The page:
Table thumbnail
Table 3 Laboratory values: fasting and at the time of the functional MRI scan


Individuals with PWS demonstrated significantly greater prefrontal cortex activity than lean controls when viewing pictures of food following an oral glucose load. This response is consistent with a heightened reward response in PWS to food even after adequate time allowed for the resting brain to respond to the hormonal and metabolic changes that occur after ingestion of glucose. The enhanced ventromedial prefrontal cortex response to food stimuli suggests that an increased reward value for food may lie behind the excessive hunger in PWS, and supports the importance of the frontal cortex in mediating the hunger and satiety response in humans. PWS subjects also demonstrated significantly decreased BOLD responses in the visual cortex relative to controls; this double dissociation between the frontal cortex and visual cortex responses excludes the possibility that PWS patients have globally heightened BOLD responses that are not specific to the frontal cortex.

The length of the resting baseline was expanded during the course of this study to improve the power of future resting connectivity analyses. As previously mentioned, design No 1 had six food, four tool and two animal blocks, with a resting baseline of 75 s, while design No 2 had four food, two tool and two animal blocks, with a resting baseline of 180 s. Design No 1 had more participants with PWS (7/8) than control participants (4/8), indicating a potential confounding factor. This possibility was addressed by comparing the prefrontal responses of control participants to food stimuli between both designs. No significant differences were found across designs, even at liberal thresholds (|t|>1.5, p<0.13), indicating that the diminished prefrontal cortex response of the normal weight controls relative to individuals with PWS was not caused by differences in experimental design.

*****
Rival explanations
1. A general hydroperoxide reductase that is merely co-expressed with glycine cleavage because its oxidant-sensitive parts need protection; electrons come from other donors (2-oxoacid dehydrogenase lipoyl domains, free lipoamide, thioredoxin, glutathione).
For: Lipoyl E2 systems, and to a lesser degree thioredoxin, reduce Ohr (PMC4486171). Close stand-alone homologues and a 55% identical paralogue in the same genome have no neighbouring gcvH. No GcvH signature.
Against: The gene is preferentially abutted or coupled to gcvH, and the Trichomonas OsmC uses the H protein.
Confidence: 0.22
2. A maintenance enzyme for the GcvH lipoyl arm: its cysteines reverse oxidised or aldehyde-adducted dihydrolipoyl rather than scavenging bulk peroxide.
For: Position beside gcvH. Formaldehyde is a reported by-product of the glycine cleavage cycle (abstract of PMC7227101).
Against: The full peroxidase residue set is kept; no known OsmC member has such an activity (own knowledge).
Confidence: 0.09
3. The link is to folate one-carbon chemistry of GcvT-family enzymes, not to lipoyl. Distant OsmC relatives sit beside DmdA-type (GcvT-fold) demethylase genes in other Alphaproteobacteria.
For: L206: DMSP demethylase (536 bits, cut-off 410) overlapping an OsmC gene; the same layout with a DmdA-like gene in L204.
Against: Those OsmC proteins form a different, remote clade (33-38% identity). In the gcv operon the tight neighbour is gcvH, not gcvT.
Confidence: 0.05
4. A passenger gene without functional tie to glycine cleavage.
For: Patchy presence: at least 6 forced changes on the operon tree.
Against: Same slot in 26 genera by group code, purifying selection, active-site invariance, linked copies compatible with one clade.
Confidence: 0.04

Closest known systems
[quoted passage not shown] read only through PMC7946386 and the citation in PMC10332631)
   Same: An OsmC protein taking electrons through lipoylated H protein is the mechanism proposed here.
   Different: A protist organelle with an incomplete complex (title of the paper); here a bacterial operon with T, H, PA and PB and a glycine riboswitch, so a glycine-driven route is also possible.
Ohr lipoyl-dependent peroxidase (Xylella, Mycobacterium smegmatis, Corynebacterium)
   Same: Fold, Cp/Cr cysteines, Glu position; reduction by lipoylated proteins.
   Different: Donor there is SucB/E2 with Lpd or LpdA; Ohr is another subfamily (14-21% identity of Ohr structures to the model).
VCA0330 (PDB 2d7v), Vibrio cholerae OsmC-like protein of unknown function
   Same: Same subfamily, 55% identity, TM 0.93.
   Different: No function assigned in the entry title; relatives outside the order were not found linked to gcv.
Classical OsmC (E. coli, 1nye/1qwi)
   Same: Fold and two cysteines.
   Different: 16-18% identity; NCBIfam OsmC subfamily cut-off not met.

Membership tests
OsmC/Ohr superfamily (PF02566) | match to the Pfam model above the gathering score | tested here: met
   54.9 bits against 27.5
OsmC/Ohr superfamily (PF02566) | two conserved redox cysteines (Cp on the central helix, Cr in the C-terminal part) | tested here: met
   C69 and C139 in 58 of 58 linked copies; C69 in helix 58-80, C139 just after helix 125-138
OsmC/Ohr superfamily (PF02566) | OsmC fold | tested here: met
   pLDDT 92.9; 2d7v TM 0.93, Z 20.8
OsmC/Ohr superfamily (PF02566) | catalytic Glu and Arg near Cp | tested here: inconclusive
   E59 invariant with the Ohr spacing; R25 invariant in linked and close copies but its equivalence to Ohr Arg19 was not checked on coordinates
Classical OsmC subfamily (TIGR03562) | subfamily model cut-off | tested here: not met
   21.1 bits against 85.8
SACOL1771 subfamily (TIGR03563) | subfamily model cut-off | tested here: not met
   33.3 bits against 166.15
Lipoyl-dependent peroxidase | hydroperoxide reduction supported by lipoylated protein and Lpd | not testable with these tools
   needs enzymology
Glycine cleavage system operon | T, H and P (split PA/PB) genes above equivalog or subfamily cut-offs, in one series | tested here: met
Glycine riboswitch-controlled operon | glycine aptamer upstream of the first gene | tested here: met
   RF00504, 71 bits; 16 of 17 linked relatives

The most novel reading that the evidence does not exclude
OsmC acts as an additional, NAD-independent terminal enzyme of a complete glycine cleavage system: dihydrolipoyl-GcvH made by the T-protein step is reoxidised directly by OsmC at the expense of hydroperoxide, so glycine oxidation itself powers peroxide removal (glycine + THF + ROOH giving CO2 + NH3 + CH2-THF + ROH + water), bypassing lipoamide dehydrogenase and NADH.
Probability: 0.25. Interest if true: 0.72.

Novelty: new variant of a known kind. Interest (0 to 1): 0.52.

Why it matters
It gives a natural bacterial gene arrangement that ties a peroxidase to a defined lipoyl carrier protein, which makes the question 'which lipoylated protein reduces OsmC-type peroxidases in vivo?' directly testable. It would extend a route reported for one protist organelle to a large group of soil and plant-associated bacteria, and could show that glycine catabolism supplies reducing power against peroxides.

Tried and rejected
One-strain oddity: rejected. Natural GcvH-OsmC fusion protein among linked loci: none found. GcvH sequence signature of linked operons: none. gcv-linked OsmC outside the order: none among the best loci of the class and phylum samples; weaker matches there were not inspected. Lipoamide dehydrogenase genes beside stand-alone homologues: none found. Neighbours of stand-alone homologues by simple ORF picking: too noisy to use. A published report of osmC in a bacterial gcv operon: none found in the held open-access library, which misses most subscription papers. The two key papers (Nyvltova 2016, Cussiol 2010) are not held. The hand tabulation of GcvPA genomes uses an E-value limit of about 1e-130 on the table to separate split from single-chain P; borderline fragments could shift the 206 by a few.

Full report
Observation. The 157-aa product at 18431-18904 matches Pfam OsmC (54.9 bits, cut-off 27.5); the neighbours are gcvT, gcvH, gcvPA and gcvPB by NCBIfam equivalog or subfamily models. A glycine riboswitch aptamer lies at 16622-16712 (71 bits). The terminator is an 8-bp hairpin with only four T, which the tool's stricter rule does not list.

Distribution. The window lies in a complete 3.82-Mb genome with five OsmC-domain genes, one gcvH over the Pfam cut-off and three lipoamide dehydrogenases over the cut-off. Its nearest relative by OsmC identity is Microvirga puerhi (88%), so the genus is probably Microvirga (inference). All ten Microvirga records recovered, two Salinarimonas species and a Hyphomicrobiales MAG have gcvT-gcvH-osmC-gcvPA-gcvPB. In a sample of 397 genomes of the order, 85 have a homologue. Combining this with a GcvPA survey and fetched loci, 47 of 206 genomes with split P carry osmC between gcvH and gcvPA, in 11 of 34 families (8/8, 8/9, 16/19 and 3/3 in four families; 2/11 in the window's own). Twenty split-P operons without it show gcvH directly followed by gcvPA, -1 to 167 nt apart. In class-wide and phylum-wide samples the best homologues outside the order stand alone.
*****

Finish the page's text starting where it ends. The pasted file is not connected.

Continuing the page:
We were unable to directly measure activity in the orbitofrontal cortex area of the frontal cortex because of susceptibility artefact (fig 33).). However, our findings of increased BOLD activation in the frontal cortex are consistent with those from a recent PET study showing that PWS subjects scanned while choosing food items after a meal lacked the normal changes in the orbitofrontal cortex resting cerebral blood flow observed in a previous study of normal weight subjects.17,23 Our findings are also in agreement with a recent fMRI study comparing children with PWS to normal weight controls, which found increased activation of the medial prefrontal cortex bilaterally in subjects with PWS when viewing food pictures after eating a mixed meal.24

figure jn99044.f3
Figure 3 Artefact induced ablation of the orbitofrontal blood oxygen level dependent response. (Top) The orbitofrontal cortex was manually drawn in sagittal slices atop a template MPRAGE anatomical brain image. (Bottom) The echo planar images ...